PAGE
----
Programmatic platforms help marketers to visualise when and where there is highest concentrations of the client's target audience, in order to make real time decisions to serve the campaign ads at the right time, at the right place to the right audience, just like how campaigns are planned and rolled out in in other video digital channels.
Fragmentation media ownership and multiplicity of programmatic platforms are queering the pitch somewhat for players who are wanting to do business the programmatic way. Amanda said that in an environment like this, buyers could be overwhelmed by the number of platforms available in each market, and not being able t to access multiple inventories through a single DSP. On the supply side, media owners are also having to meet varied requirements from SSPs. She asked, “How do we begin to shape and narrow down the number of technology solutions in market. And what will it take to consolidate our offerings.”
Addressing the questions, Srikanth cited the story “about a Nike salesman landing in Africa, then calling his boss to say there's no market here, no one buys shoes. And then the next salesman lands in the same market, and he says, well, there's a few million people walking around without shoes, we've got a great market”. In that context, Srikanth said that “fragmentation is where the industry is today. And it's not just fragmentation in terms of asset types. It's also about software compatibility”. There is an opportunity to provide technology solutions that ensure ease of access to advertisers and the demand system.
Troy made the observation that fragmentation is real, whether it's on the buy side or the sales side. “On the buy side, look for the ones that are built for your needs. For example, there are many ways you can buy programmatic digital out of home ads, whether it is location buying or focusing on audience buys. But not all DSPs are equipped with the same targeting capabilities, so, look for the ones that really fit the needs. From a sales standpoint, consolidation is already happening, and or at least convergence. So, we're seeing some key players looking at some solutions from a universal perspective. And perhaps more convergence will happen around standardisations of matrix and measurements.”
Remi said that fundamentally programmatic helps consolidating buying and selling.
Today, an agency can buy assets of several media owners, unlike in the traditional way where agency media planners enter into negotiated, signed contracts with each supplier. He said that studies reveal 70% of programmatic transactions happen between agencies and media that were not in business together. “And as such, these bookings would have not been made otherwise”.
On driving demand for pDOOH, Amanda asked, what are the top three challenges to be addressed. Addressing this question, Gavin said that programmatic OOH is fast becoming a mainstream buy, evidenced by the growth in the current year versus 2020.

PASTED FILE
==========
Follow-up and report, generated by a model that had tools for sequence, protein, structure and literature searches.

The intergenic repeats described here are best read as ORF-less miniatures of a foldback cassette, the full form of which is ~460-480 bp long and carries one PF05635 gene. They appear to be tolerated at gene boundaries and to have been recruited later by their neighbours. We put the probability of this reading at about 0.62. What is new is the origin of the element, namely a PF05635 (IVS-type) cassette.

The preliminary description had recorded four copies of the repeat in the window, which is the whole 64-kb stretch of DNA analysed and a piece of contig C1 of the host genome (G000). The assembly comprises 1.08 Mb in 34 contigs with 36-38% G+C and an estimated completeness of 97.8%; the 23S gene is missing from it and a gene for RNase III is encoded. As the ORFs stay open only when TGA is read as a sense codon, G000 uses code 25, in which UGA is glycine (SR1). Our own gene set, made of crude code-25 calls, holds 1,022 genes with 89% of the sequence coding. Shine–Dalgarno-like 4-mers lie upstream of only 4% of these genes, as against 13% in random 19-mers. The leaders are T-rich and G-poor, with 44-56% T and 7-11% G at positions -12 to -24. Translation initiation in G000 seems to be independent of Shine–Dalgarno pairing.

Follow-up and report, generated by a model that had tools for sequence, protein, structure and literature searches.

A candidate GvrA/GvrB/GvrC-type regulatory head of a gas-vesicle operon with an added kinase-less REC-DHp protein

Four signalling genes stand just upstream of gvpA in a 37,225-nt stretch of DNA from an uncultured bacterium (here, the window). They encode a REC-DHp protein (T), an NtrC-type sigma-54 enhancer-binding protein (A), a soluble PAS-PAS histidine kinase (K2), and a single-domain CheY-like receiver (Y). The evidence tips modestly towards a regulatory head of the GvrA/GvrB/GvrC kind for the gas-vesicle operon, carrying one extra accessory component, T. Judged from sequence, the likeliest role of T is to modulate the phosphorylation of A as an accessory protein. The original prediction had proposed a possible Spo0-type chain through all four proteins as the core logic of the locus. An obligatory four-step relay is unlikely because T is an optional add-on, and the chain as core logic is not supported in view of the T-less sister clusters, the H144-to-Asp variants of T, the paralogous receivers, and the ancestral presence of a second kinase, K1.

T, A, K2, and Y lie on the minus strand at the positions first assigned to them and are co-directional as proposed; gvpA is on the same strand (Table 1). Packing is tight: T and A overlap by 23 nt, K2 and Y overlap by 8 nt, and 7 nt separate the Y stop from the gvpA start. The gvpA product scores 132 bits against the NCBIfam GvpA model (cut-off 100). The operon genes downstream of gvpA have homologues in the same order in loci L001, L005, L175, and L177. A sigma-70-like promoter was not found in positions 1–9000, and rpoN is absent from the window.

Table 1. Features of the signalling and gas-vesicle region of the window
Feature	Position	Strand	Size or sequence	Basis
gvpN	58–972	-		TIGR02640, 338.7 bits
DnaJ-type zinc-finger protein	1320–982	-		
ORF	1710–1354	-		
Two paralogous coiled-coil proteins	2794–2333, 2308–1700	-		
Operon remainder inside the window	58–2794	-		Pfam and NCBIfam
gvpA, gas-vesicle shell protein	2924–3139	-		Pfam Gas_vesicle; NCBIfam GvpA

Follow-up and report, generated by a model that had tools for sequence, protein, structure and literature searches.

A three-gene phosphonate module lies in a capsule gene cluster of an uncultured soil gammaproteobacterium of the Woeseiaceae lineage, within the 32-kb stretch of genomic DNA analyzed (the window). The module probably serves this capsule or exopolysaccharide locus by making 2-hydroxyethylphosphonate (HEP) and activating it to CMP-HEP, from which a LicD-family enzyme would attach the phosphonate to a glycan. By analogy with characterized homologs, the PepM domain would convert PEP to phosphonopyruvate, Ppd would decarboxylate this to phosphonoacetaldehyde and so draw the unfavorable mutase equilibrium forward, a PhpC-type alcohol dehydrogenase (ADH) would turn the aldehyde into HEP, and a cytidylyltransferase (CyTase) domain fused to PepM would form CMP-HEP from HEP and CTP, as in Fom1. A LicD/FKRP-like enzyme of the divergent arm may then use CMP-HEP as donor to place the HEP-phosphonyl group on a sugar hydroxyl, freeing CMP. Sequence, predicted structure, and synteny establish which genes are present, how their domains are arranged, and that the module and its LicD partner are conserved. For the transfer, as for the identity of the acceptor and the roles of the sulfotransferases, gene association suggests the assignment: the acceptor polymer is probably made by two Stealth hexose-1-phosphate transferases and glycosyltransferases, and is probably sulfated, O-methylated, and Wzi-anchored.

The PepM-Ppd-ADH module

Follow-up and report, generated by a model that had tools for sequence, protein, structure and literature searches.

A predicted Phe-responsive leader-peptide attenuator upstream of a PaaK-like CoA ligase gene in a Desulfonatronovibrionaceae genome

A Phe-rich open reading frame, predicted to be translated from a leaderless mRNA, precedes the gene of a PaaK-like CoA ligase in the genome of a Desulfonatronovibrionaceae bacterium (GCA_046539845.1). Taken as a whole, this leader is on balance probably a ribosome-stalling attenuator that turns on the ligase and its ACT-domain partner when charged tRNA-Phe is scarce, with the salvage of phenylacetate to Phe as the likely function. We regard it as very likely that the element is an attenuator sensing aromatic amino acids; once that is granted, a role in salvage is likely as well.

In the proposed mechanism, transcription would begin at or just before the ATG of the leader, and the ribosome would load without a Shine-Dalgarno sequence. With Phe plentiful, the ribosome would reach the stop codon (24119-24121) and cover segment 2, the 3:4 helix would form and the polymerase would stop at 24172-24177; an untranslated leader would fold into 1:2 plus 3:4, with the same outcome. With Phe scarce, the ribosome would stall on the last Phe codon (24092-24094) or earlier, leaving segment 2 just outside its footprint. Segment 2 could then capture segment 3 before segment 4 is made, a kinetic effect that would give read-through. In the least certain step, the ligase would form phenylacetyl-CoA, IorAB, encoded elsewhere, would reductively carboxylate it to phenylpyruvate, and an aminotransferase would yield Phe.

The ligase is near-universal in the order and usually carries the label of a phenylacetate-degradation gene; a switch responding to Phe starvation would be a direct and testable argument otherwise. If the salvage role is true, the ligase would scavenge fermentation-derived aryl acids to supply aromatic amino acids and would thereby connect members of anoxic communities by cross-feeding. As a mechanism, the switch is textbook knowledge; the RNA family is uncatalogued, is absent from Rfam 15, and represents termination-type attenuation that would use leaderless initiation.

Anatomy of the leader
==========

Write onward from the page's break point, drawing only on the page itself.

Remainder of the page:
“The first challenge, in my opinion, is still the cross-channel positioning of programmatic OOH, that is, where does programmatic outdoor sit in the engagement funnel. And how is it best served and intertwined with other channels?”
Gavin underscored the need for a whole host of education to ensure planners buyers at big agencies and trading desks understand at what point to dial up or even dial down programmatic outdoor.
He also said that programmatic and mobile are fast becoming a great partnership. And the use of various location based data helps to tie the two channels together. “And we need more cases of this great partnership, and indeed other channels that are working in tandem to develop programmatic outdoor. This isn't just a case of where does programmatic outdoor benefit from other channels, but how can other channels benefit from the great engaged audience that are seeing premium media in premium outdoor locations, outdoor.”
Gavin noted that there's “an interesting shift occurring from planners and buyers that have indexed highly in other channels during the pandemic. They've spent a lot in, say mobile or social, or even in some markets, where they're fearing the imminent third party, Cookie regulations in display and what that will do for that channel”
He said these developments present a great opportunity for programmatic outdoor, to be seen as a brand safe, high value channel of choice for marketers looking to engage with an audience via premium screens.
The third challenge, in his view, springs from the gamut of tech solutions that are either being developed in-house or are outsourced. “Our State of the Nation report showed that advertisers are really split on how they're operating, programmatic, some in-house, somewhere outsourcing to media agencies, and some using a combination of both”.
pDOOH is a rapidly evolving side of OOH business. The panel discussion contributed to assessing the milestones that determine the roadmap for pDOOH in the coming years.